Myers Park High students say they were suspended for walkout over gun violence

Myers Park High students say they were suspended for walkout over gun violence

CHARLOTTE, NC (Bruce Henderson/The Charlotte Observer) - Students at Charlotte's Myers Park High School say they were suspended Friday for walking out of class as part of nationwide protests against gun violence.

Five students were suspended by school administrators, said Myers Park senior Nicholas Hicks, who said he was one of them.

"I think I knew when I walked out that I could have faced suspension, of course, but I was also ready to stand up for what I believe in," Hicks said.

Charlotte-Mecklenburg Schools says it can't comment on student information or disciplinary action.

"CMS supports the right of students to express themselves within the guidelines of the CMS Code of Student Conduct and guidance provided by the district," spokesman Brian Hacker said by email. "This guidance encourages students to work with principals, teachers and staff to create planned events that provide learning opportunities to all students who choose to participate. The CMS Code of Student Conduct remains in place and students are subject to the measures of that code when guidance for student expression is not followed."

Students from hundreds of schools across the country were expected to walk out of classes Friday, a date intended to mark the 19th anniversary of the shooting at Columbine High School in Littleton, Colo., that left 13 people dead.

Several Charlotte-area schools had planned walkouts Friday. More than 200 Butler High students registered to participate in Friday's national walkout, Observer news partner WBTV said.

A website hosted by Indivisible, a group that opposes the Trump agenda, listed 10 protests and walkouts planned for Charlotte, Davidson, Gaston County, Waxhaw, Concord, Mooresville and Tega Cay, S.C. They're among more than 2,300 planned across the country.

Hicks, who is co-captain of the congressional debate team at Myers Park, said he left his class at 10 a.m. to join other students who planned to sit quietly in the school's quad. Administrators stationed at exit doors told students they would face disciplinary action if they left, he said.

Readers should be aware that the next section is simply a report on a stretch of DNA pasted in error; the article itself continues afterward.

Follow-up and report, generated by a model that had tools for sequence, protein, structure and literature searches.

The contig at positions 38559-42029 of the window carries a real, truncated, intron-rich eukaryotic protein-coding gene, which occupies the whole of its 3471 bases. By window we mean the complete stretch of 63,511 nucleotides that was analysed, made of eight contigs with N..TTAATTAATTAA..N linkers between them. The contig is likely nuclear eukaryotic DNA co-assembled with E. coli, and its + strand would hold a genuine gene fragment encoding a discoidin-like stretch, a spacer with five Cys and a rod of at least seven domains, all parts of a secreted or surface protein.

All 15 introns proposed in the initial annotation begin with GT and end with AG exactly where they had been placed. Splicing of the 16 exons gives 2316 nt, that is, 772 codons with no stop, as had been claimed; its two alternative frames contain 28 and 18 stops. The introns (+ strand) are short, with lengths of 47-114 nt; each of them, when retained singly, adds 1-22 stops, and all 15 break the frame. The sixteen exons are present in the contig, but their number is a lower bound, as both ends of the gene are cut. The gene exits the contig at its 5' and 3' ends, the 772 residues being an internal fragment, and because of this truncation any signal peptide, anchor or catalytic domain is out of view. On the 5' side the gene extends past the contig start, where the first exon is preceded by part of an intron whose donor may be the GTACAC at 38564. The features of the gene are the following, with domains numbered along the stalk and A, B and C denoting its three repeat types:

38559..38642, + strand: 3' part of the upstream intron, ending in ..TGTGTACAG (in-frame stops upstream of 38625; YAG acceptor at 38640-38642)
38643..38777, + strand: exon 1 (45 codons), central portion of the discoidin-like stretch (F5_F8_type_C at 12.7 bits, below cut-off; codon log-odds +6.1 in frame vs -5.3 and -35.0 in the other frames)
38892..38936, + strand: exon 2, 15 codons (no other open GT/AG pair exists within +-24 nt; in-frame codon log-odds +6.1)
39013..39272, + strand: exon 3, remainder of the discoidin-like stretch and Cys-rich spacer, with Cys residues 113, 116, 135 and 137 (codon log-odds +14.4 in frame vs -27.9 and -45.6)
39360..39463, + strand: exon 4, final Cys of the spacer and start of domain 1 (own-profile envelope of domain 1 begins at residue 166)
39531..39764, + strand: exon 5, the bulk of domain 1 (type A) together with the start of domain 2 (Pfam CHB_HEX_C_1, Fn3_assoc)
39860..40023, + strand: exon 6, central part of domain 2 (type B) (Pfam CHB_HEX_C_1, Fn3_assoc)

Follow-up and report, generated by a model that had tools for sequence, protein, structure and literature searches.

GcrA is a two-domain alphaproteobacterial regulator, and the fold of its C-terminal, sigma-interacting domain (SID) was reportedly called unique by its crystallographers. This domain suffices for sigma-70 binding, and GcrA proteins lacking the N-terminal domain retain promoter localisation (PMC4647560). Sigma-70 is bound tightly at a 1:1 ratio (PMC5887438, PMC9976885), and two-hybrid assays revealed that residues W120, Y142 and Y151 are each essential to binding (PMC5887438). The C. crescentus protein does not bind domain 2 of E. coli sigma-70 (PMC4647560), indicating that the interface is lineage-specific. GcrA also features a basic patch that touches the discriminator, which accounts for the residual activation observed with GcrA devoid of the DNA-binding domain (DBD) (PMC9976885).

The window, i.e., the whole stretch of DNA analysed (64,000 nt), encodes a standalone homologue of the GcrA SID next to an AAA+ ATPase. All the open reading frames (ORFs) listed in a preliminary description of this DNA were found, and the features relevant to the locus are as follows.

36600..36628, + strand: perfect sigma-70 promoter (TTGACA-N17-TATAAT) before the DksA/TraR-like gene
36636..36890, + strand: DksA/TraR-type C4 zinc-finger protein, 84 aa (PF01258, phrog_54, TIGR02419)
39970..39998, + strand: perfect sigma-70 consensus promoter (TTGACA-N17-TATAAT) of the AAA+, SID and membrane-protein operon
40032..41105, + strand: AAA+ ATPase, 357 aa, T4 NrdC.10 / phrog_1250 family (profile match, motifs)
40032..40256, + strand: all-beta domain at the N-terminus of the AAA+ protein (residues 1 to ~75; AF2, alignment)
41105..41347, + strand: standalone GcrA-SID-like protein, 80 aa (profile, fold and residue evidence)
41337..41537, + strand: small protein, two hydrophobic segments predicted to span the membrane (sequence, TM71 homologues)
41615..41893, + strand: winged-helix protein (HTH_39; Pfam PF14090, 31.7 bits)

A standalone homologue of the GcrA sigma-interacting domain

Hicks said he found another way out of the building and left campus. About 10 students made it to the quad, he said, on the same day the school's Senior Carnival was scheduled.

Another Myers Park student, who identified herself only as Nico, said a few students made it to the quad, each wearing homemade "price tags" that referred to money the National Rifle Association has given to North Carolina's Sens. Richard Burr and Thom Tillis.

An assistant principal took about five students to the school office, where they were told to call their parents to pick them up, Nico said.

At mid-afternoon Friday, Hicks said, administrators notified the students that their suspensions had been altered. The suspensions would be for a single day, Friday, instead of lasting until next Tuesday, he said.

Betsy Rosen, a Myers Park parent who is not related to the suspended students, said she was outraged by the school's action.

Other students were allowed to leave class for the school carnival, she said, "but a kid who has a conviction and wants to make a statement, why is that a punishable action? I don't think the crime fits the punishment. Suspension sends a message that's almost the antithesis of what they teach in the classroom, which is to be honest and stand up for what you believe in."

Students nationwide also took part in walkouts on March 14 in the wake of the shooting deaths of 17 students and staff at Florida's Marjory Stoneman Douglas High School. Myers Park scheduled a student vigil that day, Hicks said.

Officials at Charlotte Catholic High said students leaders had chosen to pray rather than walk out of class that day, but acknowledged that the school's principal had told students they could be disciplined for leaving class.